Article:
Painkiller Jane: The 22 Brides #1 (Comics Review)

Last year Painkiller Jane co-creator Jimmy Palmiotti launched a new Painkiller Jane series under the Icon Comics banner, which is apparently an imprint of Marvel. I read the first few issues, but kind of lost interest due to my burgeoning reading list. And that is a fact that I lament now since time has made me feel that I’ve missed out on something good, for the thing is that I was enjoyingthe series. I really shouldn’t have left off of it, I think. Painkiller Jane aka Jane Vasco is one of my favourite fictional characters, so I really should be doing more to justify that.

This week Jimmy Palmiotti launched a yet another Painkiller Jane mini-series, and this one is subtitled The 22 Brides. Who the said 22 Brides are, or were, is explored in a prologue to the main story, but sadly that is all it is, for it doesn’t carry forward into who the 22 Brides are in the present time, and that’s the one big negative to this issue for the main story. There is a second, somewhat unrelated story and while I enjoyed the writing, the art was a bit too goofy and stylised. Still, since Juan Santacruz is the artist on the main story and he was also the artist for the previous mini-series, I’ve got high hopes for this one as well.

Painkiller Jane - The 22 Brides 001The prologue starts off at some point in history, we are never sure which. But the setting is faux-Arabian/Indian, particularly with the concept of the harem. We see how the 22 Brides come to be formed, in a somewhat roundabout kind of way, and I’ll admit that the story was indeed interesting, and the art by Norberto Fernandez also fairly decent. I thought, once the prologue was done, that it would lead into an explanation of the 22 Brides’ identity in the more modern times, but that’s not how it turned out because we learned precious little in that regard, and I found that to be disappointing. Given that we’ve had a prologue, it should have been the matter of a few lines of narration at best to give that explanation.

But, no matter. For the central story of this new number one issue is intriguing and mysterious despite that fact. Someone is blowing up near-empty buildings in New York, and it has fallen to Jane Vasco, her girlfriend and cop Maureen Bowers, and the 22 Brides to find out just what the hell is happening. In their… modern incarnation the 22 Brides appear to be some sort of security service and also mercenaries or something, and that’s an interesting take I think, particularly since they also appear to have some dealings with the NYPD which, while don’t make them popular, also make them indispensable.

But really, the story is about Jane and Maureen and an exploration of their relationship, which I loved. As you’d expect from the co-creator of these characters (the other being Joe Quesada), Jimmy Palmiotti nails the voice for both these characters and he delivers on a really good story that you can follow along for a few issues.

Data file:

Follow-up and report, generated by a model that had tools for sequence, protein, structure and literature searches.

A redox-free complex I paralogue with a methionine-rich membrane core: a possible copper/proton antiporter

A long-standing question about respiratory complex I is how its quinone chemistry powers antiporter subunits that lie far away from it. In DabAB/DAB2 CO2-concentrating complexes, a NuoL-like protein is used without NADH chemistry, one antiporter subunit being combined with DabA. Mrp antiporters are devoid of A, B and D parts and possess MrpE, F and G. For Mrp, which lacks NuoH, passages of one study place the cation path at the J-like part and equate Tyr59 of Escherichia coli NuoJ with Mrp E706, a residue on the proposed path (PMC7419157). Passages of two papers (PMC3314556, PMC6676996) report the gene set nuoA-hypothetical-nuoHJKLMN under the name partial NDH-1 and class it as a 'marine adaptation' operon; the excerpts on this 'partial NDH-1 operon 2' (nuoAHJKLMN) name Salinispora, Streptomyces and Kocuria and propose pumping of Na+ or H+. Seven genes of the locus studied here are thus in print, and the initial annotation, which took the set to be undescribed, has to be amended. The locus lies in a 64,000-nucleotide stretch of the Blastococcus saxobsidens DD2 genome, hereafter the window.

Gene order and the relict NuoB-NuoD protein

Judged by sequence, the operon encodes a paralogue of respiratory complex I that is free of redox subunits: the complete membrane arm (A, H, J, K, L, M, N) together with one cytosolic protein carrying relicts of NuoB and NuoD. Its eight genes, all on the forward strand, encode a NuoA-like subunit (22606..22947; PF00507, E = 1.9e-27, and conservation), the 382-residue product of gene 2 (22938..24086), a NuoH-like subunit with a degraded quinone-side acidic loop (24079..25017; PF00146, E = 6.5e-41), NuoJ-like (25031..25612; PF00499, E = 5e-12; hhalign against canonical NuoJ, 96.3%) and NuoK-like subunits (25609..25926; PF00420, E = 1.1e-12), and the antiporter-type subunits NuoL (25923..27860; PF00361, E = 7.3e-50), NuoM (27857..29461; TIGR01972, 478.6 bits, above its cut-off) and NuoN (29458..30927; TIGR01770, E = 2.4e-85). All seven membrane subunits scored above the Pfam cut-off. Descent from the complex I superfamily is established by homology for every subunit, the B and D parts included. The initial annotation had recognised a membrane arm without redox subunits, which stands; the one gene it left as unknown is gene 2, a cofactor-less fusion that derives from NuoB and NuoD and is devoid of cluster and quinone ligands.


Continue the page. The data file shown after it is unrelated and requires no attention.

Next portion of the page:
There’s also a backup story here, which is more a character-building piece for Jane than it is a tie-in to the main story. This one goes into much more depth into Jane and Maureen’s relationship, with that being almost a centerpiece for the whole backup story, and was pretty good.

What, overall, I didn’t like was that the story isn’t all that new-reader friendly. I’m not a new-reader myself, but we get to see very little on Jane’s origins. Or where she is coming from after the events of the previous mini-series, which seems like an oversight. But, not too worried about that.

The prologue is drawn by Norberto Fernandez with Juan Santacruz drawing the main story and Steve Mannion doing the backup. Challenging Studios does the colours on the prologue and the main story with Paul Mounts doing the same for the backup story. Bill Tortolini is the letter on everything. Taken as a whole, the artwork in the prologue and the main story is good, with the latter being especially good, but the backup story doesn’t have good art at all. It is far too stylised and the body proportions often appear to be out of whack. Not to mention that the expressions on the characters really didn’t work for me. Still, its not all doom and gloom since Juan’s work is excellent by far and that makes up for the deficiencies, plus the fact that Paul Mounts’ colours are excellent on the backup. Mostly.

Bring on the second issue!

Rating: 8/10

More Painkiller Jane: #1, #2.

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Posted on June 8, 2014, in Comics Reviews, Review Central and tagged , , , , , , , , , , , , , , , , , , , , , , , , , , . Bookmark the permalink. 1 Comment.

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